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Team Ninja is on to something special with Nioh

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Not for the faint of heart

I've been putting off the Nioh alpha demo not for lack of interest, but because I knew I'd need to play at my most attentive. Team Ninja's PlayStation 4 action-RPG has come across as a Japanese mythology-infused Dark Souls with shades of Onimusha, and early word of mouth suggested even longtime From Software fans were struggling to keep up. Playing half asleep wasn't going to cut it.

So, Friday was the night. I loaded up on caffeine and set aside the evening to get lost in Nioh. Straight away, it seemed familiar enough. There's a standard health and stamina bar, quick-select items are mapped to the d-pad, and hold on, how the hell do you attack? It's not any of the triggers!

That was my first sign that after spending some 80 hours with Dark Souls III, I was in for a rough adjustment period. My second sign came shortly after when the literal third enemy in the demo -- just some random guy! -- killed me in a single strike. My character was "freed from his mortal coil," a message I'd be seeing a lot more of as the night progressed and I began facing demons.

Even in death, I was having a mostly great time. Nioh captures the same sense of confusion, unease, and excitement I felt the first time I tried Dark Souls (I didn't get into Demon's Souls until afterwards) without feeling like a clone. That's thrilling, and the timing couldn't be better.

Early on, I had a general idea of what I was supposed to be doing, but many of the nuances were lost on me. Unsurprisingly, there is no proper "tutorial" to get you situated. Arriving on a gloomy island that looks straight out of a Japanese ghost story, you'll immediately see your first shrine (bonfire) where you can sell items, level up using Amrita (souls), select a guardian spirit animal (for passive bonuses and a sort of temporary supercharged ability boost), or summon another player. That all more or less made sense to me right away. Combat, on the other hand, took getting used to. In fact, I still have much to learn. There is a very specific rhythm and flow to it that's pretty damn easy to mess up.

You have a standard and heavy attack mapped to the face buttons (hence my initial fumbling), but you can also swap between a high, middle, and low stance mid-fight for further flexibility. Stances affect things like your damage output, stamina usage, and the types of attacks you can perform with your sword, spear, axe, hammer, or whatever it is you're wielding. By leveling up, you can even further enhance each weapon category to unlock new moves and combos. There's enough depth here to overwhelm, and the more I dug in, the more I could tell I was playing a Team Ninja game.

Managing your Ki (stamina) is unexpectedly tricky. If you overextend yourself even a tiny bit by swinging one too many times or dodging when you shouldn't have, you'll become stunned, which can spell death. May your coil rest in peace. You always have to be cognizant of how much meter you have left because even the most basic foes hit hard. I had the best success with baiting attacks, waiting for my opponents to wear themselves out (their Ki meter is visible), and then going all out while they were staggered.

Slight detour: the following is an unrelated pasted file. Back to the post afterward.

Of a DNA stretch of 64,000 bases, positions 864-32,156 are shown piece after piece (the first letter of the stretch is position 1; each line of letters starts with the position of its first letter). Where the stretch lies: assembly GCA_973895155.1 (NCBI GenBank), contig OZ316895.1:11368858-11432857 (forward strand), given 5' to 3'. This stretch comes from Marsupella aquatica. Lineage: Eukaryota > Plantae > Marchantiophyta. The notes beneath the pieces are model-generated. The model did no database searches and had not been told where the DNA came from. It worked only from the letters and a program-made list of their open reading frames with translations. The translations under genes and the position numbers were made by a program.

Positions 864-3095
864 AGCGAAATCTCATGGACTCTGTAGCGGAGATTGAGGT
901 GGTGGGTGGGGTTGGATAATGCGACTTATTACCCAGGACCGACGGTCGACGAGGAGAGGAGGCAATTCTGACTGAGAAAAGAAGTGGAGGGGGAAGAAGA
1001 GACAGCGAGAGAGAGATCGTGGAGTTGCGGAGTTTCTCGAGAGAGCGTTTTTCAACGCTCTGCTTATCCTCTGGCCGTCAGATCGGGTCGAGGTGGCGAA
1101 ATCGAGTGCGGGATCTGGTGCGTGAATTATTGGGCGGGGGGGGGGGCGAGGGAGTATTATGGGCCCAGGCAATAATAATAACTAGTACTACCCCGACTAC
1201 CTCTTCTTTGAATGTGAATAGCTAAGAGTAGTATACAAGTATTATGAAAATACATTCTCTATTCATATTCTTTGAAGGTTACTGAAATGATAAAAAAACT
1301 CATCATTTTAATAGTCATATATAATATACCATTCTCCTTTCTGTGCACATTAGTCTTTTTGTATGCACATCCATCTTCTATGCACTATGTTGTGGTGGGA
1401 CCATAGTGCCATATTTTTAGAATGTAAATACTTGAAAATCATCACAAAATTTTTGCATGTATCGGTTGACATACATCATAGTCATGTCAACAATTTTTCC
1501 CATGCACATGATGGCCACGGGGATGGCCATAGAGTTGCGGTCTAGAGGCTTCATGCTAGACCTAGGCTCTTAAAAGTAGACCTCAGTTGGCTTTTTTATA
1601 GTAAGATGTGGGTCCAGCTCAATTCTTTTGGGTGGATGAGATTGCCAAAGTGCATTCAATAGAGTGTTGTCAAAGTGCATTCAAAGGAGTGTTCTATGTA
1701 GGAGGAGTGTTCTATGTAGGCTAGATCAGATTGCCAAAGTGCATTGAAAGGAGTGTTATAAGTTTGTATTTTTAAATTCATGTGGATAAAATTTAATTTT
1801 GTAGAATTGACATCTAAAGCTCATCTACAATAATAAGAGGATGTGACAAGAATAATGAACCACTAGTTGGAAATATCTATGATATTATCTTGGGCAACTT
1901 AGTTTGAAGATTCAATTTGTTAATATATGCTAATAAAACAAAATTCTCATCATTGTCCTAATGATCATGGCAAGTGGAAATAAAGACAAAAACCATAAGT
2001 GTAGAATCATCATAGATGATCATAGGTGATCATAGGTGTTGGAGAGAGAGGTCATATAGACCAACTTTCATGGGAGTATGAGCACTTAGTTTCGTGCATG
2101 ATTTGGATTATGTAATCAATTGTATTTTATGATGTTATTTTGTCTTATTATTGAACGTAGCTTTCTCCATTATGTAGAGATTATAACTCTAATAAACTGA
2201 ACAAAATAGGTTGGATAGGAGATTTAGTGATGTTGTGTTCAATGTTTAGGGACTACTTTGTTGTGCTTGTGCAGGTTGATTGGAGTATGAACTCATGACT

Blocking is effective against most attacks, but you can't lean on dodging the same way you can in Souls -- that's one of the tough early lessons in this demo. The end result of all of this is that most encounters feel like an honest-to-god duel where timing and positioning are key. And speaking of, you can summon apparitions of fallen players to fight an AI version of them. It's awesome.

The other big surprise is that Nioh is a fairly loot-driven game. Enemies drop armor, weapons, and items all the time with varying stats and perks. To balance that out somewhat, degradation is a concern, and a major one at that. There are consumable items for restoring your gear, but I found myself just switching to newer, usually better weapons and armor instead. You can sell the junk, thankfully, but it's a lot of menu-based busywork, which I hope becomes more streamlined for the full release.

At this point, it's wild to think that I'm still going on about a demo and I haven't even touched on everything. It's that huge! It took me several hours to reach the oni boss, much less kill the thing, and then there's an entirely separate area and a second boss fight afterward (good luck with that effer).

Considering Nioh is in alpha, this is a remarkable demo. That's not to say there aren't things that could be better, especially on the performance side, but as an introduction to a new property, Team Ninja nailed this. Souls fan or not, I strongly encourage you to try this while it's still available.

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Jordan Devore
Jordan DevoreCo-EIC   gamer profile

Jordan is a founding member of Destructoid and poster of seemingly random pictures. They are anything but random. Disclosure: I backed Double Fine Adventure and Awesomenauts: Starstorm on Kickst... more + disclosures


 


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    Filed under... #Action #demos #Impressions #PS4 #Role-Playing Games #Team Ninja #Top Stories

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